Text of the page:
Whether we’re talking about solo ads or anything else, you name it, most of the times there’s nothing dramatic in making mistakes. We all make mistakes.
However, the difference between a loser and a winner is that the latter learns from mistakes and takes action to correct them.
Since learning from other advertisers’ mistakes will save you some time and money, today I’ll share with you the main reasons that make me decide not to open a solo ad. It’s all about the most important part of an email message – the headline (or the subject line)…
1. It tries to mislead me. Examples of misleading subject lines: “Notification of payment received”, “Your download request was approved”
2. It’s so simple that it doesn’t convey any real message. Example: “Check this out!”
3. It’s a dumb subject line that doesn’t even make me laugh. Real examples: “Mother knows best”, “I want to die in my sleep like…”. By the way, a subject line that makes me laugh can make me open that solo ad. Real example: “Open it, dammit!” LOL
4. It’s written ALL CAPS. Even if you’re a newbie there’s no reason to yell at me. You don’t want to yell at your prospects, do you?
5. I’ve already seen that subject line many times. What can I learn from a copycat? Can a copycat help me in any way? That’s quite unlikely…
6. It contains an obvious lie. For example, it guarantees me (and anyone else) a certain income. Nobody can do that.
7. It reveals the topic and I’m not interested in it.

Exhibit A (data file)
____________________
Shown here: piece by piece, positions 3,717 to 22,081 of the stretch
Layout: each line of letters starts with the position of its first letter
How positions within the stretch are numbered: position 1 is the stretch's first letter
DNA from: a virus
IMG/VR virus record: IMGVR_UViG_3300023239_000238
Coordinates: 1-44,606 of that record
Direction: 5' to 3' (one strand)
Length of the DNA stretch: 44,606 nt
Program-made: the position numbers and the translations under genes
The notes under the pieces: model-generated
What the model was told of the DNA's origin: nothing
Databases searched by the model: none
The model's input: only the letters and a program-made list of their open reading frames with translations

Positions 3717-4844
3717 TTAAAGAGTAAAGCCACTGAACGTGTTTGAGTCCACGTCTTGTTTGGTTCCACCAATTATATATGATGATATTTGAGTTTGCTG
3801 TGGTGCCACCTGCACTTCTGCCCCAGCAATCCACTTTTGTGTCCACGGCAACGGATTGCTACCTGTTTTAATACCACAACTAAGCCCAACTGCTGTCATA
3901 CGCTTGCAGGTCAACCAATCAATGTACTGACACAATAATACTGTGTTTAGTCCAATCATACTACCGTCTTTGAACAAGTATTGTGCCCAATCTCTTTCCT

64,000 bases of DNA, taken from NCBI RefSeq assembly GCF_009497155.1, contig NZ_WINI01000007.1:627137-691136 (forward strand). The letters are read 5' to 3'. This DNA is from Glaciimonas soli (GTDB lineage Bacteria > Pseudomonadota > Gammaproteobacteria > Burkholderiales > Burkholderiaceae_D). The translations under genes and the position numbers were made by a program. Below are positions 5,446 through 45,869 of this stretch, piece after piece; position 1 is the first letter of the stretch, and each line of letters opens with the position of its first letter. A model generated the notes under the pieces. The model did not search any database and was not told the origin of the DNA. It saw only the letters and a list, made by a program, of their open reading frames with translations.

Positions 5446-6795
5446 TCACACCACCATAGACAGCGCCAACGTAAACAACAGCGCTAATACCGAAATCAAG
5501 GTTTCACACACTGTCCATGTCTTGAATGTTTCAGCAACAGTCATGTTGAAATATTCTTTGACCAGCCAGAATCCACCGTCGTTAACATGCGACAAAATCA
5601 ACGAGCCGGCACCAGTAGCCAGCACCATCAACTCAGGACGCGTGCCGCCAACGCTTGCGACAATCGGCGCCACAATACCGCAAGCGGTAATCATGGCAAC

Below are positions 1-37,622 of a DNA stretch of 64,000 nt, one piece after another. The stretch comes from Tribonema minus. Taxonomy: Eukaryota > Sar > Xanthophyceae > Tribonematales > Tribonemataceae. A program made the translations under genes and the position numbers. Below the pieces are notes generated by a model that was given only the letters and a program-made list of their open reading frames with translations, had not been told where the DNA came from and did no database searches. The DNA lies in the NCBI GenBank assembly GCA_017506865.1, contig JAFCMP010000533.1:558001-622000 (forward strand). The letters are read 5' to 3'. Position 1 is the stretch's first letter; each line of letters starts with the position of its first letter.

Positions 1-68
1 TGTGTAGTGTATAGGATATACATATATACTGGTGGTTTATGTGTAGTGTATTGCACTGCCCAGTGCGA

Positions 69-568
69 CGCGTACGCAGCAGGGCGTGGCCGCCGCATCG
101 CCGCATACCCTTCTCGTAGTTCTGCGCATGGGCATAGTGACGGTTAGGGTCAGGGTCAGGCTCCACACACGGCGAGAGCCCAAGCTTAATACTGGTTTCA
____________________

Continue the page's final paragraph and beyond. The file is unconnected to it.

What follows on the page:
8. The headline is misspelled, sometimes on purpose. Some internet marketers still think that misspelling the word “free” or other words is something good and will avoid the spam filters. I doubt that I can learn something from people living in the past.
9. It contains multiple exclamation marks or dollar signs. That gives me the impression that there’s some hype inside. Maybe some teenagers or newbies are an appropriate audience for that type of spelling.
10. It doesn’t talk to me but to a complete different audience. For example: “Never made a penny online?” or “Want to lose weight?”
11. It contains a code such as [FIRST_NAME] or it is so long that the email software removes the last word or words from the subject line. That’s not the advertiser’s fault, but that’s how life is. Be careful who you do business with!
12. It tells me how great the advertiser is or it tells me how the advertiser struggled (example: “I struggled for 8 months”). I simply don’t care. Offer some help, some solutions to my problems or tell your amazing story to someone else who has some free time for it.
13. It offers me all kind of freebies that I don’t need. Pay attention here, you know that piece of advice… give something for free in exchange for the people subscribing to your mailing list. It’s not that easy
14. It tries to sell something to me. You read it well, but don’t get it wrong. I buy things online but I don’t waste my time checking every sales letter that lands in my Inbox. Your willing to sell something is not enough
15. Finally… To me… my family and myself are the most important people in the world. If you don’t take this fact into consideration… you’re out of my Inbox within seconds!
That’s it about solo ads headlines… Stay tuned in order to find out my reasons for reading the ad copy – or at least starting to read it – but then not clicking on some of the links from the solo ads I receive. [updated; link added to part 2 of the series]
Of course this is my view and it’s not necessarily congruent with John’s, Mary’s and Peter’s views. Take it with a grain of salt. Ask your friends and colleagues and try to find their opinions. Different types of audience may have different opinions and may need different approaches from your part. What is a mistake for a certain audience… may not be a mistake for another one. Finally, I invite you to share your view using the comment feature below.
To your success!
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